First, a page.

Industry Viewpoints: Tackling Operational Struggles in Clinical Trials


18:25, January 17 2018


Tanja Ouimet, Pharmaleads, talks to CTA’s Alexandra Bamgboye about the operational struggles when conducting clinical trials

An ineffective enrolment strategy can have huge consequences on a study, with delays costing sponsors obtuse amounts of operational costs and lost opportunity costs. More than half of clinical trials do not enlist participants within the initially forecasted timelines, and nearly half of selected sites fail to meet their recruitment targets, while 10 percent fail to recruit any patients. Patient recruitment and site selection are two of the biggest operational issues that can have significant impact for smaller companies in particular who tend to have fewer resources.

In this Industry Viewpoint, Alexandra Bamgboye sits down with Tanja Ouimet, Head of Clinical Operations at Pharma Leads. Below, they discuss the various challenges faced by smaller pharmaceutical companies in tackling patient recruitment and site selection, all in a climate that’s becoming increasingly complex.

Alexandra Bamgboye: You spoke about patient recruitment and social media in 2017 edition of Outsourcing in Clinical Trials UK & Ireland, how is the landscape in this area at the moment?

Tanja Ouimet: There is an enormous amount of data out there and we need to know how to capitalize on this. Data is constantly around us, patients are talking on social media and this cannot be ignored. We need to raise awareness because patients are constantly discussing on these platforms. To mitigate the issues surrounding confidentiality, a solution might be to go to the source of this challenge and tell patients how to behave when in a clinical trial.

AB: Is there a protocol in place for social media use?

TO: In terms of standard practice for patients, there currently isn’t a set protocol for the use of social media. For instance, patients are not told explicitly how to behave on social media, but it is something that should be considered. The lack of guidance in this area could be detrimental, especially if a patient reports an adverse event from a product which could impact the study from a legal standpoint. However, it still makes sense to channel the potential of this platform rather than ignore it.

AB: How can we overcome the issues surrounding patient recruitment?

TO: In the past, I’ve given talks about using the internet and social media to help with clinical trials. Advertising on social media to get patients is an effective method as most people have an online presence. If you want to reach out and engage with as many people as possible, you cannot ignore how big the digital segment is.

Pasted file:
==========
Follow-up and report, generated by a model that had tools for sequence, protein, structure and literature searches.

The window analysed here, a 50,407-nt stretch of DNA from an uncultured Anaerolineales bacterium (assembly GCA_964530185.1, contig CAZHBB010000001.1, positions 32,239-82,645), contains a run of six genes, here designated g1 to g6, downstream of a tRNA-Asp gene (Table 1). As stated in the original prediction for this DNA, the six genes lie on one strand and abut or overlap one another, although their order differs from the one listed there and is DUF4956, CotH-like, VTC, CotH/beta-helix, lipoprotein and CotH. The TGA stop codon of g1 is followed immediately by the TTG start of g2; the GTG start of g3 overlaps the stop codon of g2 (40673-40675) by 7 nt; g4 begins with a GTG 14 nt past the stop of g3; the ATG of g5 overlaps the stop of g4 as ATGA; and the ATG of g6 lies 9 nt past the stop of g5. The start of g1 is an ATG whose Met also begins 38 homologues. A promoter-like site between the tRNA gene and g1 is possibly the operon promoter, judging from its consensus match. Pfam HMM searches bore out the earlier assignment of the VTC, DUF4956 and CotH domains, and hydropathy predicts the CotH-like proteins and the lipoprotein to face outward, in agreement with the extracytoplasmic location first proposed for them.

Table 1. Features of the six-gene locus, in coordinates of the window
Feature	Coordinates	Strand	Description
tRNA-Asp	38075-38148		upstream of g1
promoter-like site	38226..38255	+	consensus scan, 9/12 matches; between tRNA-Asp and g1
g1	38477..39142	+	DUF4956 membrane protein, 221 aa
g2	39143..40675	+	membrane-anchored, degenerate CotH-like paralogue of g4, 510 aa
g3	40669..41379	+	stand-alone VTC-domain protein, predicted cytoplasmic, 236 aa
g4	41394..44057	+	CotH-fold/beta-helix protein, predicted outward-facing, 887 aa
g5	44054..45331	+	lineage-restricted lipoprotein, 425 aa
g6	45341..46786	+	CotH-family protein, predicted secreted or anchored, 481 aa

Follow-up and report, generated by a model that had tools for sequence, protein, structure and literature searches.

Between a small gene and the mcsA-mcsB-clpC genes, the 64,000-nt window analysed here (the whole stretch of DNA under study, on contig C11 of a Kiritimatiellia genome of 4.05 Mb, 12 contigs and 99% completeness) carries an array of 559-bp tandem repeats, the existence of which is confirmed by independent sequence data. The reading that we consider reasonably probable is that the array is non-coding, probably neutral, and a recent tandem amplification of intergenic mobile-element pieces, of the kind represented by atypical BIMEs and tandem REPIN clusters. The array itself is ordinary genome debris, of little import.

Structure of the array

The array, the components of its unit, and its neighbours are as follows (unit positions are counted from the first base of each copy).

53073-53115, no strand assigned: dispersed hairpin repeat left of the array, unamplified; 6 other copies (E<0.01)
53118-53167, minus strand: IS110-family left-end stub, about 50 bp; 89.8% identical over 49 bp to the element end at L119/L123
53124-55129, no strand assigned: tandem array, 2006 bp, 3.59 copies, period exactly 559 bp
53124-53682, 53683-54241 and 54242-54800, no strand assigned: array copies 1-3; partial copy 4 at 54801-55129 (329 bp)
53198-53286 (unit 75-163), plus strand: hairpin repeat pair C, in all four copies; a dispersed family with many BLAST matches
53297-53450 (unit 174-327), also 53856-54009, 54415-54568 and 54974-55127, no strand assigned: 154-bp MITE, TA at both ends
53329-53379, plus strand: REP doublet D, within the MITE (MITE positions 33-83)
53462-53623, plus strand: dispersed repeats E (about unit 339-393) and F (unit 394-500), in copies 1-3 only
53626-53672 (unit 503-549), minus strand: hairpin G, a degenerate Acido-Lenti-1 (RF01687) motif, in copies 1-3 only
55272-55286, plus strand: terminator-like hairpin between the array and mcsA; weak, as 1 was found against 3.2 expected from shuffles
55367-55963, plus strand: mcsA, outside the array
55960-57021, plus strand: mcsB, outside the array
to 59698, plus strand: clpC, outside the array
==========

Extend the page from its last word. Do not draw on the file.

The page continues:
Additionally, social media also mitigates the problem of sites recruiting patients. Nevertheless, I have come across people, working in oncology, who don’t tend to agree with online-based recruitment, arguing sites should know their patient population, and should be the sole recruiters.

AB: What would the main challenge be?

TO: Clearly regulation may be the big issue in this area, and big pharmaceutical companies may be more concerned about the legal aspect of using this type of recruitment tool. People are really afraid it would compromise the trial. Nevertheless, the impact of social media use, if maximized correctly, means faster recruitment with lower costs because far fewer sites need to be opened as they will have the good patient representation needed. It will ultimately increase the success of the trial because a high percentage of trials are failing due to patient recruitment; this is the major cause of delays.

AB: Why is site selection so difficult?

TO: Site selection is generally difficult, because you need to select good sites that are going to recruit well, so ultimately it is critical to the success to your trial. If a site is not selected correctly then the implication will be a slow recruitment process, which may not be done effectively thus costing a lot of money. At times, you may have to open more sites to achieve your objectives to compensate for the initial site that has not been successful. To mitigate this issue, we do ensure feasibility studies are conducted, and this can be done by using feasibility questionnaires which all sites are required to complete.

However, as sites want to participate they can claim they have the capacity to meet the objectives even if they cannot deliver. To truly understand the capability of the site, you must visit the site. It is only once you make a site visit that you realize things may not be working. At this point it is usually too late in the trial chain. As a community, we must create a mechanism to identify these issues earlier. A solution to this is identifying the right CRO who has worked with certain sites. However, this is still very hard for smaller companies with fewer resources. The ranking that big pharmaceuticals use to assess sites will not always apply for small companies, so it mostly comes down to the CRO you hire. Through them you can identify the right sites that fit the indication/project you are working on, which will then allow you to recognize the sites you need to work with.

AB: What other pressing concerns do you have?

TO: Funding is difficult; I have started to see CROs negotiate different contracts with smaller companies where they may give up parts of their company or product for a lower service price. If you are a really small company that is having trouble raising money to run your trials, this is a very good option. However, you need to identify the right partner, which will be an issue. Negotiating the contract may be another issue because small companies tend to have less leverage and buying power.


Tanja Ouimet

Head of Clinical Operations



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